Last night Ryushin and I watched a brief movie about the Japanese sport ekiden(駅伝). Ekiden is a long distance relay race where a team of runners “pass the sash” from person to person at each leg. Participants interviewed in the film talk about the ekiden as a uniquely Japanese race. They comment, “passing the sash was the only thing on my mind when running,” and “we feel pulled along by an unseen force.” One of the runners talks about his legs giving out in the final stretch of the race. What keeps him motivated to push through the exhaustion isn’t his desire to win, it’s his desire to not let his team down. In order to be able to celebrate with them later, he needs to know that he has absolutely given them his best effort.
Embracing collective effort and success over individualism extends beyond the race itself. The ekiden team trains together for months, showing up every morning and evening to practice, building a level of trust and spirit that carry them through the race as well. Similarly, when we follow the bodhisattva path, we recognize that supporting others in their lives and practice is part of what keeps us motivated to practice ourselves. The bodhisattva path requires that we practice in community.
Last weekend Winding Path Temple hosted a formal refuge ceremony during which two of our sangha members made a public declaration of their commitment to practice the Buddhist path. Chisei and Kaishin each had their own reason for taking refuge at this time, but the ceremony was meaningful for the entire sangha. The refugants’ public commitment is a reminder that none of us is traveling this path alone. It is due to the effort of people who have come before us and those traveling alongside us that we are here right now. The refuge ceremony reminds us that when we know others in sangha are here to support us, when we know we are a part of a larger community of practitioners, it is easier to maintain our energy toward our own practice.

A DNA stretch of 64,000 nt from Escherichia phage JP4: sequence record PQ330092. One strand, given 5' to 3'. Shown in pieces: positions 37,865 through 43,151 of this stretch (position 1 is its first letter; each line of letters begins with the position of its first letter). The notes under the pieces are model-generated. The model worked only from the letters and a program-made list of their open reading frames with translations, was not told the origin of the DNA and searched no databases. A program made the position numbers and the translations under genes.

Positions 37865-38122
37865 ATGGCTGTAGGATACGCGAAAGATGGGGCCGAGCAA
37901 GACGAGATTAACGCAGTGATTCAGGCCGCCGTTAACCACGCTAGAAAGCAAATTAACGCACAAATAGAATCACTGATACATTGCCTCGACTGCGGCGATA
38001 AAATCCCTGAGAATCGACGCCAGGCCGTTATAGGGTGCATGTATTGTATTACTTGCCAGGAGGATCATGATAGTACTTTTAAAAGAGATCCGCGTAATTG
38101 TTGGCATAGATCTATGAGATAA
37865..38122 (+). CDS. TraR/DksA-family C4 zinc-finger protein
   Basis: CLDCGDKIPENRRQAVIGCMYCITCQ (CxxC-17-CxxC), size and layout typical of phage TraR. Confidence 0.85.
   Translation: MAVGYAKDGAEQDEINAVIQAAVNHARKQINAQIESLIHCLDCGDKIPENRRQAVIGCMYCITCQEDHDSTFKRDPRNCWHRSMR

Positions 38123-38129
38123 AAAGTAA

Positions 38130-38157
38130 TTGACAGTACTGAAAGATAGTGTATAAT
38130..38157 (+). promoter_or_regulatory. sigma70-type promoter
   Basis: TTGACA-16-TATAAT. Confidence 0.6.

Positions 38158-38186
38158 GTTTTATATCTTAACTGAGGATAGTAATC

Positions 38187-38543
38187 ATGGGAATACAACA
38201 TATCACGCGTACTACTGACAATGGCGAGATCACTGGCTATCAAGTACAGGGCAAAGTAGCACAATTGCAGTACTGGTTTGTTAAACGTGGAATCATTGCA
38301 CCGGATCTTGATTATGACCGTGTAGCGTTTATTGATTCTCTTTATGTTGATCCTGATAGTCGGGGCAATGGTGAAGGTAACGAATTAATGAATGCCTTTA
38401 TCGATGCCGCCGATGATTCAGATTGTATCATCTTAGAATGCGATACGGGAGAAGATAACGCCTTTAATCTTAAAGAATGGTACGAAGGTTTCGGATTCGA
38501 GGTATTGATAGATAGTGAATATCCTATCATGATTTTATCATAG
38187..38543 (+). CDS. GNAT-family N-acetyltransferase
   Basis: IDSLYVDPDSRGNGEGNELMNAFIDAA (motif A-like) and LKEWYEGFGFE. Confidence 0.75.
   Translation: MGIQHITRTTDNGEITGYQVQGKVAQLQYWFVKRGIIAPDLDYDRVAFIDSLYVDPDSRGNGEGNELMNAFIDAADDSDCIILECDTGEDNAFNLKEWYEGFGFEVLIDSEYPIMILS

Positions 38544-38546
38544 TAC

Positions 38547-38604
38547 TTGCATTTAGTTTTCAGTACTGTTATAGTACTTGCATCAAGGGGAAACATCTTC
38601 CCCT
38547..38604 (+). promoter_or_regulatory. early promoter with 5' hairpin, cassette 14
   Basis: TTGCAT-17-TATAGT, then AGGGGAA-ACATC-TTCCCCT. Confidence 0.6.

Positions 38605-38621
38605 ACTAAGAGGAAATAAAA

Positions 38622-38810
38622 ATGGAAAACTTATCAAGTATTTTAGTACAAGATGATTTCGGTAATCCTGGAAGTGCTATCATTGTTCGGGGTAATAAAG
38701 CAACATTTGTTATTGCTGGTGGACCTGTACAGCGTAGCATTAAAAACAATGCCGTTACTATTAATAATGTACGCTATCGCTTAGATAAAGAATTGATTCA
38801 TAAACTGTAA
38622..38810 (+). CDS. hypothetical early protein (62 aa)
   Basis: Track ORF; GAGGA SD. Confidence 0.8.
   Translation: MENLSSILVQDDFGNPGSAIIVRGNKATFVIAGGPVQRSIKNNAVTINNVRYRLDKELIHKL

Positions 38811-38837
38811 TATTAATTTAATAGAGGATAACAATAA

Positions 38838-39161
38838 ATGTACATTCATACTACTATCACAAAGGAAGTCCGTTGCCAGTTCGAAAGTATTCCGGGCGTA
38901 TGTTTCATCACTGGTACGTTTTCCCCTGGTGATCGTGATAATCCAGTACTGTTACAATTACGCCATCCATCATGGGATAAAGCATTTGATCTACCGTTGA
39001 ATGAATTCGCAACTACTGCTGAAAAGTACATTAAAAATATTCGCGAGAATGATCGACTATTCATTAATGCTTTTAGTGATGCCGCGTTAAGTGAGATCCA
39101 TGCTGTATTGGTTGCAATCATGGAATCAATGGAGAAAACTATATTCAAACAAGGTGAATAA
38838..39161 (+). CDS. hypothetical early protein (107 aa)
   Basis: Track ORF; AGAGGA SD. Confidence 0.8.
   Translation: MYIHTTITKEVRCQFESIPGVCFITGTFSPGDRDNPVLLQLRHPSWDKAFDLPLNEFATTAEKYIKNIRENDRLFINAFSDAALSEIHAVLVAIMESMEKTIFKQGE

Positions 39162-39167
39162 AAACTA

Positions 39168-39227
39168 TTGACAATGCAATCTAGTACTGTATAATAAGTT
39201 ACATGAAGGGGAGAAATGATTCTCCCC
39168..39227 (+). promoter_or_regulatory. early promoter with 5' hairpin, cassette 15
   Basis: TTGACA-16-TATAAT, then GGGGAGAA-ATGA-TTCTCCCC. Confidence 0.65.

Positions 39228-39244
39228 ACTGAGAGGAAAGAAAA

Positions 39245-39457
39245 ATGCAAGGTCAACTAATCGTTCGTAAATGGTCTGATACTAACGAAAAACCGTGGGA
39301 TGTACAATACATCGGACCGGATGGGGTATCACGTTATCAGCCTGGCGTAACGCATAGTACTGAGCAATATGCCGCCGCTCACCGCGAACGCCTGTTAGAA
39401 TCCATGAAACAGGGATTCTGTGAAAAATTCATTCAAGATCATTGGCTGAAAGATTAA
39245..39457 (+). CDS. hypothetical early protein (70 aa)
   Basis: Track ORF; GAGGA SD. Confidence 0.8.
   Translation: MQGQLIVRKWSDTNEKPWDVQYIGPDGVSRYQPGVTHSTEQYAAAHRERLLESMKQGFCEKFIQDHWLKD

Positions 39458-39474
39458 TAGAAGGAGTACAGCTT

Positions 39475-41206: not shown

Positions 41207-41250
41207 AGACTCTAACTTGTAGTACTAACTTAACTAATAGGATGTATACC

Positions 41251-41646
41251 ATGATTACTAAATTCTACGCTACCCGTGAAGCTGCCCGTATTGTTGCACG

I am continuing to reflect on the importance of collective effort and interdependence as we move into the US Independence Day weekend. The July 4 holiday has a complex history and conflicting symbolisms: hope, freedom, victory, the denial of freedom, unfulfilled promises, stolen land. This year I’m thinking about the word “independence” and its connection to separation and individualism. Individualism is part of the dominant cultural narrative in the United States and is one factor that works toward upholding existing inequitable power structures in our country. Perhaps the July 4 holiday is a time to look deeply at the roots of that core value. If we want to create a world where everyone is truly guaranteed life, liberty and the pursuit of happiness, we will need to shift away from the mindset and practice of individualism and toward the mindset and practice of working together in community.
(Note: Tema Okun along with several collaborators offers this fantastic page as a helpful explanation of some of the ways that individualism can be a hindrance in our work toward creating a just society. It’s a useful and important site to read through if you haven’t seen it before.)
When we apply right effort to our practice on and off the cushion, working alongside others to ease our dukkha (unsatisfactoriness, anxiety) we will feel the energy of our collective diligence. Like the runners in the ekiden race, we may feel ourselves moved by the “unseen force” of others working toward the same vow.